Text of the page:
What does it take to plan and build a livable city? “Partnerships for liveable cities: The Copenhagen case” tells 12 lessons learned from Copenhagen and was the Danish contribution at the 2017 architecture biennale in Buenos Aires.

Lectures, a film and an exhibition on livable cities were the Danish contribution to the Bienal International de Arquitectura de Buenos Aires 2017. “Partnerships for liveable cities: The Copenhagen case” is created in a partnership between the Royal Danish Embassy of Buenos Aires, the Municipality of Copenhagen, BIG and Smith.

Today, Copenhagen is known as one the world’s most liveable cities. However, throughout centuries, Copenhagen has gone through the urban transformations experienced by cities worldwide: periods of growth and of stagnation, of industrial changes and of unhealthy living conditions, of destruction through war and other disasters, of reconstruction and of redesign for new technology such as the car, electricity and more recently digital technology and climate adaptation.

To create a liveable city takes resources, and most essentially, it takes shared commitment to sustainable urban development. Owing to partnerships between public and private actors, Copenhagen is a highly liveable city, home to a diverse population, and a secure place to live, work and relax.

The Copenhagen case illustrates ambitious governance, graced by generous architecture, and - not least - a holistic approach that considers physical, social, political and financial limitations and opportunities.

This approach has helped the Copenhagen Municipality to make decisions that are sustainable and long-lasting, and most importantly: owned and supported by many. Our city is a shared good, and a broadly shared commitment to co-authorship that underpins the success of Copenhagen today. The more we collectively care for our urban environment, the better it becomes for everybody.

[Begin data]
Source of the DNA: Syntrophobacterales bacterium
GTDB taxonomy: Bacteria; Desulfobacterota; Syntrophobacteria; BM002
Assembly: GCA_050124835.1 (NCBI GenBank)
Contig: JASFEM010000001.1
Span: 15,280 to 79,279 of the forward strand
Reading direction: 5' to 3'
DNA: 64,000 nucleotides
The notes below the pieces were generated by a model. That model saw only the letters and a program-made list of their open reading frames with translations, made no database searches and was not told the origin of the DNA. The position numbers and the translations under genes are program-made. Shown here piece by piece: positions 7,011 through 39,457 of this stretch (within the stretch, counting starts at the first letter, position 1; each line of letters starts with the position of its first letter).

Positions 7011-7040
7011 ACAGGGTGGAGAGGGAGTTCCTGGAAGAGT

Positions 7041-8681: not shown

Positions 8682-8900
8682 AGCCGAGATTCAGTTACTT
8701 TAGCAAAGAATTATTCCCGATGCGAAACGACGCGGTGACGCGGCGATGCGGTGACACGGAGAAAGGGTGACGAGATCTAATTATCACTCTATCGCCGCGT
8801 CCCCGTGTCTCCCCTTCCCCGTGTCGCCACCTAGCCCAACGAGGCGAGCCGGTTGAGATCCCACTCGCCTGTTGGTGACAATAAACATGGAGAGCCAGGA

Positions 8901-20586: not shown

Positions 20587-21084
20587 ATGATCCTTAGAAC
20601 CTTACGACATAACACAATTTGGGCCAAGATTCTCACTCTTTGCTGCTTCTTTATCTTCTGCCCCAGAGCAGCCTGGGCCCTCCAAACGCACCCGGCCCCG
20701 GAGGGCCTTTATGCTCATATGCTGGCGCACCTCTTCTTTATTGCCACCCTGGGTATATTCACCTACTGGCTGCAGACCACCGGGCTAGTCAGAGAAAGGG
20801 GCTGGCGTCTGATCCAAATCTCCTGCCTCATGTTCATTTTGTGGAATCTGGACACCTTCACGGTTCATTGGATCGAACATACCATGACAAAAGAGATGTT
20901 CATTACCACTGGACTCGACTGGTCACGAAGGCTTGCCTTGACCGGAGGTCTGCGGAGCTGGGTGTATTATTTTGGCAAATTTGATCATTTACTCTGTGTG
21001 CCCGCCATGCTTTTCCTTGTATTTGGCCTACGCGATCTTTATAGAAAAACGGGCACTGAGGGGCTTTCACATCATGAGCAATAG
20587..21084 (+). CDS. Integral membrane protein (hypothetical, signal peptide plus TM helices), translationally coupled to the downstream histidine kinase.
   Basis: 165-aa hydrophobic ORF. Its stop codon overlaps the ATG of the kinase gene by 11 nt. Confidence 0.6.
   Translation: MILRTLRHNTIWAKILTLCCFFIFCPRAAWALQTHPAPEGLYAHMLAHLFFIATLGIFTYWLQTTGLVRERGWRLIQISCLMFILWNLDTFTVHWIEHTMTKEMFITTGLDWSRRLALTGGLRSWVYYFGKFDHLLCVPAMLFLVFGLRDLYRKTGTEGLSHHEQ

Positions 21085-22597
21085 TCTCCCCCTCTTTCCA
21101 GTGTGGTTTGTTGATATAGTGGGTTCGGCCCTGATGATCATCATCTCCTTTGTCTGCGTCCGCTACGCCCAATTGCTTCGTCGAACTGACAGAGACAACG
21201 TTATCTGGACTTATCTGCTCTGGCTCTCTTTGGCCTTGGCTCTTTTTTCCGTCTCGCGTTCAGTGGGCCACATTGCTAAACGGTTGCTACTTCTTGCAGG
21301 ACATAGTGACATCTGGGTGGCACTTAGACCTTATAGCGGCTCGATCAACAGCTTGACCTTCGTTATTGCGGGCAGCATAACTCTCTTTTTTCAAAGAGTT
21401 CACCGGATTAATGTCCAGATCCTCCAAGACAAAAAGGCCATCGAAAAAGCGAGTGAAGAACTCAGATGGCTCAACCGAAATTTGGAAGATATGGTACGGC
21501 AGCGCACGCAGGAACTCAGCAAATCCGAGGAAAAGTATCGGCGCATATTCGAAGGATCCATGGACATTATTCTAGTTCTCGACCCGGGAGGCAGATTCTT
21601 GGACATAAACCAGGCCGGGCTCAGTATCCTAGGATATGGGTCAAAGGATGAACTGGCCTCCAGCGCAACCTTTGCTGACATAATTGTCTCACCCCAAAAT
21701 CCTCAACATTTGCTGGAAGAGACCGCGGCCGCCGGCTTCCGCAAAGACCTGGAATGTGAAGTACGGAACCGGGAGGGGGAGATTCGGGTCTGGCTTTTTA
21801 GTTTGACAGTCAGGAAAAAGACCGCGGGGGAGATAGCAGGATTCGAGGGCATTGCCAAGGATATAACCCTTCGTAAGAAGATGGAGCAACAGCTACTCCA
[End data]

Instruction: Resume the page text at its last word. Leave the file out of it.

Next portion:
The Copenhagen case is a story of social liveability and urban democracy.


12 lessons learned on livable cities

1.       Breaking boundaries

The liveable city is a product of many subsystems. To create it, we need to break organizational boundaries and allow for close interaction between public and private, between public departments, between companies and not the least between citizens and professionals.

2.       Building coalitions

The days of untouchable master plans and top-down decisions are declining. Power is distributed in a network of many actors and interest and negations never stop. Involvement of many actors from the very beginning is important not only to identify the right solution, but also to build commitment and loyalty to it. 

3.       The power of small decisions

Big changes are not a result of a single big idea or big heroes. Rather it is the outcome of many small decisions and actions.

4.       Don’t tell it – show it / prototype your city